As new council and board members and new executives take their places in local Yuba-Sutter government, maybe there will be a little more consideration given to actually countering unpopular state pandemic guidelines and mandates with something beyond complaining.
We’ve heard from health officials and frontline caregivers who are flummoxed by the many folks who deny the existence of coronavirus and/or refuse to take just the most basic preventative actions.
Yuba-Sutter has slipped (more like fallen flat) into the purple tier – the most restrictive coronavirus class for counties that are not doing so well. The number of new coronavirus cases here has been spiking this past week.
Usually, we’d be quickening the pace this morning, making way through chores and projects to get downtown to watch one of the best small-town Veterans Day parades anywhere.
We know we’re a pain in the rear sometimes. But we gotta do what we gotta do ... including calling up and being pesky to elections officials who haven’t slept much in days and must have this general cloud of dark fear chasing them around, no matter how sound their operations are.
We’ve heard all about it from the faithful of both sides. Their nerves are running amok – the balloting is so close, we’re not used to it taking so long, and it’s driving us all crazy. And with lawsuits more than likely, who knows how long it could drag on?
There are all kinds of kids with all kinds of interests and whenever a school system can provide them with time, coaching, instruction and support, the kids come out the winners.
Think of it: 418 people were injured and/or killed in the Yuba-Sutter area in a span of just one year (Oct. 1, 2017, to Sept. 30, 2018) because of one or more of just three of the causes of traffic accidents: traveling at an unsafe speed; improper turning; and driving on the wrong side of th…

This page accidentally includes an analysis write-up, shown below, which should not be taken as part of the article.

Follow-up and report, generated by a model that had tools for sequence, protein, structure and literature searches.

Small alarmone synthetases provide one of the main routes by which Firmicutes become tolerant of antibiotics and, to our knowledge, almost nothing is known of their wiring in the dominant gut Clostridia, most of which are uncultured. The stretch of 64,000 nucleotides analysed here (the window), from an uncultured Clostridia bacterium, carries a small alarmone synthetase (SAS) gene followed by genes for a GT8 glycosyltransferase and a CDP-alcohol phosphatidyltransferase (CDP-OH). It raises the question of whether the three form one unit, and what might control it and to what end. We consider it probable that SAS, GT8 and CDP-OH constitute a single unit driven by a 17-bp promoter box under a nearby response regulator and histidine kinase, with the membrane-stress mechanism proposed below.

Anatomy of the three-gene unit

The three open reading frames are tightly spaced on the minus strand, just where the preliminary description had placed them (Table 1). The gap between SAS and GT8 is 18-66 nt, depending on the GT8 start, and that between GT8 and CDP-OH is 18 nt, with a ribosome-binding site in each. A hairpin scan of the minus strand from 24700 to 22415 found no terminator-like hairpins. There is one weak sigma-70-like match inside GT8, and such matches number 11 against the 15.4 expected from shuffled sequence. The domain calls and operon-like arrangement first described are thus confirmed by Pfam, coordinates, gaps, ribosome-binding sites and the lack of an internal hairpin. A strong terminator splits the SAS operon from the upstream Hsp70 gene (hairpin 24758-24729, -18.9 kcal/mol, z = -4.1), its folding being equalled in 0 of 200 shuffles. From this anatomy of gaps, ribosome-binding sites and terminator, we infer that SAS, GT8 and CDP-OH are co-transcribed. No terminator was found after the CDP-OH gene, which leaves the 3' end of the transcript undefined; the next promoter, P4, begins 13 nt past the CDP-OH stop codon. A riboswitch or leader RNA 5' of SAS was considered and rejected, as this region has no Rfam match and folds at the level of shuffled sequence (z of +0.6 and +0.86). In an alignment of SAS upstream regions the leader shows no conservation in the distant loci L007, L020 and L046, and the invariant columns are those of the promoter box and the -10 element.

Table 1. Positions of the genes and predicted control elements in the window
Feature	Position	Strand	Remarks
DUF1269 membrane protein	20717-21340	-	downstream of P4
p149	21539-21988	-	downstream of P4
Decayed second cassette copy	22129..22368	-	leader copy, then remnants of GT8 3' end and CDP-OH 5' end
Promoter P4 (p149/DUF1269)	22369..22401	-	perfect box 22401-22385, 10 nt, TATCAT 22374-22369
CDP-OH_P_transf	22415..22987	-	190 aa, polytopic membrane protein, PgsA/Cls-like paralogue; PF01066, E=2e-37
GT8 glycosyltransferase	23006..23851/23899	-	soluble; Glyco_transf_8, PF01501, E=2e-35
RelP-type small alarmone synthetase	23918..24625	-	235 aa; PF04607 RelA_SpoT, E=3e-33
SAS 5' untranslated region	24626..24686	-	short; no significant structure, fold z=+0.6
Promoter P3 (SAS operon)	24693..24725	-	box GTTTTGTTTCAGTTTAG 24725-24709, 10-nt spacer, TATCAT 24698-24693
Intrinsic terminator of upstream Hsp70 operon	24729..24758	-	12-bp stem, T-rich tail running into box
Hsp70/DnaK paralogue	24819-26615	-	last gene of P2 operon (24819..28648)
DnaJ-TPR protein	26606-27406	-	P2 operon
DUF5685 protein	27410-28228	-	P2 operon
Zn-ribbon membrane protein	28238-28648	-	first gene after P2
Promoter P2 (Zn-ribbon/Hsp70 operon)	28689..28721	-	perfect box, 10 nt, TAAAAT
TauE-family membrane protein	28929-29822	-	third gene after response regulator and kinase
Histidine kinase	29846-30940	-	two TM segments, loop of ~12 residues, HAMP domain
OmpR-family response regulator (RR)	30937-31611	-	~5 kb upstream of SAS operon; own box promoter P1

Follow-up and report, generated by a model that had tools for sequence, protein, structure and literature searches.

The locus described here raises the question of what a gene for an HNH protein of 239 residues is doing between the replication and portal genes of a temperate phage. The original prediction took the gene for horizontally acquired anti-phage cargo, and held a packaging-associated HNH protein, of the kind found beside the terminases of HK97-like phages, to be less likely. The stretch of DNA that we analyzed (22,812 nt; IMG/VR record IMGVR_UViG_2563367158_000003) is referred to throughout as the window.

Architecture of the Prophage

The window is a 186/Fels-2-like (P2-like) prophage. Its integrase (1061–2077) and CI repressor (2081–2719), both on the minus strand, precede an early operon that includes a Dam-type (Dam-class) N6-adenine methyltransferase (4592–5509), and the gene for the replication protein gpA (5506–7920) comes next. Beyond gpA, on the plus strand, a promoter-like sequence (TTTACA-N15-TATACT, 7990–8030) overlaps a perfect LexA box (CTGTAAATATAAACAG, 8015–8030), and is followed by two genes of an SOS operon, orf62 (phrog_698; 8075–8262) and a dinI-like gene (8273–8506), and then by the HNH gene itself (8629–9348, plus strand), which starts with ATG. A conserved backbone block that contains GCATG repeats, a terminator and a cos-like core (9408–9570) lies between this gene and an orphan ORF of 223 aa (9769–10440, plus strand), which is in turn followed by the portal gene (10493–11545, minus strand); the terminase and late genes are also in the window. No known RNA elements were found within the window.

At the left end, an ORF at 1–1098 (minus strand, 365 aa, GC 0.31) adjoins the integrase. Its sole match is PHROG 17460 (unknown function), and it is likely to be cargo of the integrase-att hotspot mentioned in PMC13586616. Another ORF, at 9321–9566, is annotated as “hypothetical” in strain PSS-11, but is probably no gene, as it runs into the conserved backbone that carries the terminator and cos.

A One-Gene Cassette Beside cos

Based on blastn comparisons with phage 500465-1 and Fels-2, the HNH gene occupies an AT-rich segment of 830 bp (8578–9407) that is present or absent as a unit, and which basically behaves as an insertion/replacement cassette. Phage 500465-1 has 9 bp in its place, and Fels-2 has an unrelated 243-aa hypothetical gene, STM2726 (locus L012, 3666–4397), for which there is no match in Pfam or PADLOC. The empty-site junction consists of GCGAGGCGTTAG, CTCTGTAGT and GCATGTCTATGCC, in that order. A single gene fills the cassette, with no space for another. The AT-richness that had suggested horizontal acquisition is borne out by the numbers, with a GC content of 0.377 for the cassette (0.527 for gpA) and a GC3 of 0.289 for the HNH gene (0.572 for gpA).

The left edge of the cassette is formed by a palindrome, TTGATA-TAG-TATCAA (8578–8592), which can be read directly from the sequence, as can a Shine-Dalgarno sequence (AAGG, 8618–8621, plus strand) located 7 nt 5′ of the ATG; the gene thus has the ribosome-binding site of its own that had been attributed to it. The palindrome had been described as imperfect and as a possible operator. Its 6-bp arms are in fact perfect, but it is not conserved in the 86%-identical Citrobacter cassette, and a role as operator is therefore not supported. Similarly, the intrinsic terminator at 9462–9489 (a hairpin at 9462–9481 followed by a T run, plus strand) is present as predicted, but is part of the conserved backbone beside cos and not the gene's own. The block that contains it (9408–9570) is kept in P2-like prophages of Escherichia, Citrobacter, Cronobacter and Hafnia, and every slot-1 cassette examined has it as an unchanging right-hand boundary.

It seems that there’s at least one more item to add to the Yuba-Sutter portfolio of strategies dealing with homelessness: free camping in sanctioned and maintained grounds.
Our apologies to subscribers whose Friday papers were delivered late. The fire along Simpson Lane Thursday night took out power for much of the Marysville-Linda area, including power to the Appeal property.
We’re moving into the homestretch for the Nov. 3 General Election (some say “Praise the Lord”). It comes during a time when a lot of us have time to sit down and compose a letter to the editor, so time to review a few campaign season letter etiquette rules.
Back at the beginning when we were beginning to comprehend that it was a pandemic, we thought Calif. Gov. Gavin Newsom was doing well – acting just the way you want the leader to act in the face of something so onerous, so unruly, so potentially deadly.
We’re all Americans. We may like to talk like we’re hardboiled dealmakers, but we inherently believe in fair play: so we don’t wish someone ill and when someone does become ill, we wish them well. It doesn’t matter how much we love or dislike President Trump, family and staff – we wish them …
Thumbs Up: We have a whole lot of respect for the Friends of the Marysville Stampede, the Flying U Rodeo Company, and the Rosser family. They made a tough decision and it’s for the best.
For the danger of high water and flooding there are decades of experience, reams of procedures, hundreds of public servants who know what they’re to do.